Environment in New Caledonia Essay

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The semitropical archipelago of New Caledonia lies 930 miles (1,500 kilometers) east of Australia and 11,160 miles (18,000 kilometers) from Metropolitan France, of which it is an overseas possession. Just off the northeast coast of the main island, Grande Terre, lie the Loyalty Islands, raised coral atolls. Grande Terre is 248 miles (400 kilometers) long by 31 miles (50 kilometers) wide and is a piece of Gondwanaland that broke away from Australia 60-80 million years ago. This island contains great mineral wealth, including about 25 percent of the world’s nickel reserves, and is the third-largest producer of nickel, which represents over 90 percent of its export revenues.

The rare plants that have managed to adapt to the soil’s high mineral content are unique to New Caledonia. The archipelago therefore exhibits extremely high levels of floral and faunal (terrestrial and marine) endemism. There are 3,200 plant species, of which 79 percent are found only there, while the islands and surrounding lagoon are home to many species of bats, birds, and lizards, as well as the dugong and five species of sea turtle. New Caledonia is considered a conservation priority by the World Wildlife Fund (WWF), Conservation International, and the World Conservation Union (IUCN), for both its coral reef (the world’s second largest) and its unique dry forests. Few fragments of the original habitat remain, however, due to uncontrolled fires; nonnative cattle, pigs, and deer; urban and industrial activities; and, of course, mining, which began in 1874 and intensified greatly in the 1950s. The environmental impacts of strip-mining, which include soil erosion, sedimentation of rivers and beaches, and coral reef damage, were virtually unregulated until the 1970s. Although mineral extraction is less damaging today, abandoned mines continue to undergo serious erosion and leaching into watercourses. Meanwhile, the archipelago’s sole nickel refinery is its main source of atmospheric pollution, and two more are planned.

Melanesians reached New Caledonia around 3,000 years ago (as marked by the Lapita pottery site), and a complex system of exchange relations and chieftaincies emerged, supported by traditional yam farming and fishing. Captain James Cook and his crew landed on Grande Terre in 1774 and named the archipelago. However, France took possession in 1853, and over the next century the original inhabitants, the Kanak, saw their most fertile lands seized while they themselves were forced onto reserves, to the detriment of their culture and languages.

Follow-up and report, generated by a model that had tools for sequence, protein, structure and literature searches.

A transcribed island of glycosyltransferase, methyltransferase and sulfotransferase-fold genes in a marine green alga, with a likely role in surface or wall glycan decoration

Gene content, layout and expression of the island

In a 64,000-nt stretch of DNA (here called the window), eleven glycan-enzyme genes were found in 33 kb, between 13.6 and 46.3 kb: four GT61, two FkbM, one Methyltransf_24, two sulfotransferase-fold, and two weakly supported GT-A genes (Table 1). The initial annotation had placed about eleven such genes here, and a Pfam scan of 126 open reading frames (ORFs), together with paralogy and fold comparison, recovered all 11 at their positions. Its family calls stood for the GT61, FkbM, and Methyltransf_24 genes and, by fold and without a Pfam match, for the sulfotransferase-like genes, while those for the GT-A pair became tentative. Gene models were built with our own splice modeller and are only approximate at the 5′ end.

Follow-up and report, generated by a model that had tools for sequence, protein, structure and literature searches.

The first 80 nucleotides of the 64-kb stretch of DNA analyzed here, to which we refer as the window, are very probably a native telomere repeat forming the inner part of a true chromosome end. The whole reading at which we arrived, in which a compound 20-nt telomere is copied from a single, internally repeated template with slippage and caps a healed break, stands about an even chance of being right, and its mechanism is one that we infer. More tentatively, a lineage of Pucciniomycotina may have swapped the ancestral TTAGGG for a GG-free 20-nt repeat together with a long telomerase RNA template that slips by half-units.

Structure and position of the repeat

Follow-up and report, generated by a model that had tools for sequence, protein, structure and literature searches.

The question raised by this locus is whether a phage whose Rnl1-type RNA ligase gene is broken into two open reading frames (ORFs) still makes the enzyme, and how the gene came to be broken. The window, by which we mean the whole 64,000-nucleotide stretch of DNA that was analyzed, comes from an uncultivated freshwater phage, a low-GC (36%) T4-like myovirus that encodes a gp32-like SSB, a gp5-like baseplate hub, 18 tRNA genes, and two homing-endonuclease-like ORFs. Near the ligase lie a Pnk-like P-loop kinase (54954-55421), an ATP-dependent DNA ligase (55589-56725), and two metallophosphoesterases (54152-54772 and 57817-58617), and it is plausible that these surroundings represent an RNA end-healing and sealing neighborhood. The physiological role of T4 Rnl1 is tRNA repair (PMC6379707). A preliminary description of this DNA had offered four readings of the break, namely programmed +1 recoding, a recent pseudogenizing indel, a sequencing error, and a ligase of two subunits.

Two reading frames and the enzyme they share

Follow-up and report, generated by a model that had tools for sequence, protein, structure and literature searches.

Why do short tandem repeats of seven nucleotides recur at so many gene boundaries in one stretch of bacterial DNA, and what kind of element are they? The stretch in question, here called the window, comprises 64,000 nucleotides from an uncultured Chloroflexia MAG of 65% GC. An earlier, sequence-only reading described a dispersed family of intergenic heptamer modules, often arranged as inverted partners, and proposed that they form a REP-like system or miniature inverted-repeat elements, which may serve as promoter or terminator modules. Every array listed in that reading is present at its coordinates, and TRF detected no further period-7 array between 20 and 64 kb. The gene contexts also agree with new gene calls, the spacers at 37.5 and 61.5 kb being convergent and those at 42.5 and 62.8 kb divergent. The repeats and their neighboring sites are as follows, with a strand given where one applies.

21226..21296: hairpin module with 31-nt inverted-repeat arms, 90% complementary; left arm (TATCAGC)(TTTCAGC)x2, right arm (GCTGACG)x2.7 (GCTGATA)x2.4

Today, Melanesians make up the main ethnic group, at 45 percent of the total population, estimated at only 231,000 in 2004. Another 34 percent of New Caledonia’s inhabitants are people of European origin, many being the descendants of former French prisoners banished to Grande Terre in the late 19th century. Other minority ethnic groups originate from the Pacific and Asia. Due almost entirely to financial transfers from Metropolitan France, New Caledonia’s high Gross Domestic Product (GDP) places it among the 20 wealthiest nations in the world. However, this wealth has traditionally been concentrated in the capital, Noumea (home to over 60 percent of the population) and is skewed toward those of European descent. French is the lingua franca, although over 20 Kanak languages are still recognized.

Grievances over colonial dispossession of Kanak land rights and their economic disadvantage have persisted. Most recently an organized Kanak proindependence movement emerged in the 1970s, and the 1980s saw violent uprisings against settlers and France. The Kanak leader, Jean-Marie Tjibaou, signed the Matignon Accords with the loyalist leader, Jacques Lafleur, in 1988, assenting to restitution of customary lands, promotion of Kanak culture, preparation for a future New Caledonian elite, rural development activities, and a referendum on independence after 10 years. Tjibaou was assassinated by a Kanak separatist in 1989, and the 1998 referendum did not sanction full independence. Instead, the Noumea Accords gave further recognition of Kanak land rights and economic integration. It also provided for gradual devolution of some administrative powers to the territory, which-although remaining a part of France-became an “Overseas Country” (Pays d’outre-mer) in 1999. Kanak now have political majorities in two of the three provinces, and another referendum on independence is scheduled to occur between 2013 and 2018.


  1. S. Horowitz, “Toward a Viable Independence? The Koniambo Project and the Political Economy of Mining in New Caledonia,” Contemporary Pacific (v.16/2, 2004):
  2. Jost, ed., The French-Speaking Pacific: Population, Environment and Development Issues (Boombana Publications, 1998);
  3. P. Labrosse et , “New Caledonia,” in C. Sheppard, ed., Seas at the Millennium: An Environmental Evaluation (Elsevier Science, 2000);
  4. A. Mittermeier et al., “New CaledoniaA Conservation Imperative for an Ancient Land,” Oryx (v.30/2, 1996);
  5. T. O’Neill and P. Essick, “New Caledonia,” National Geographic (v.197/5, 2000).

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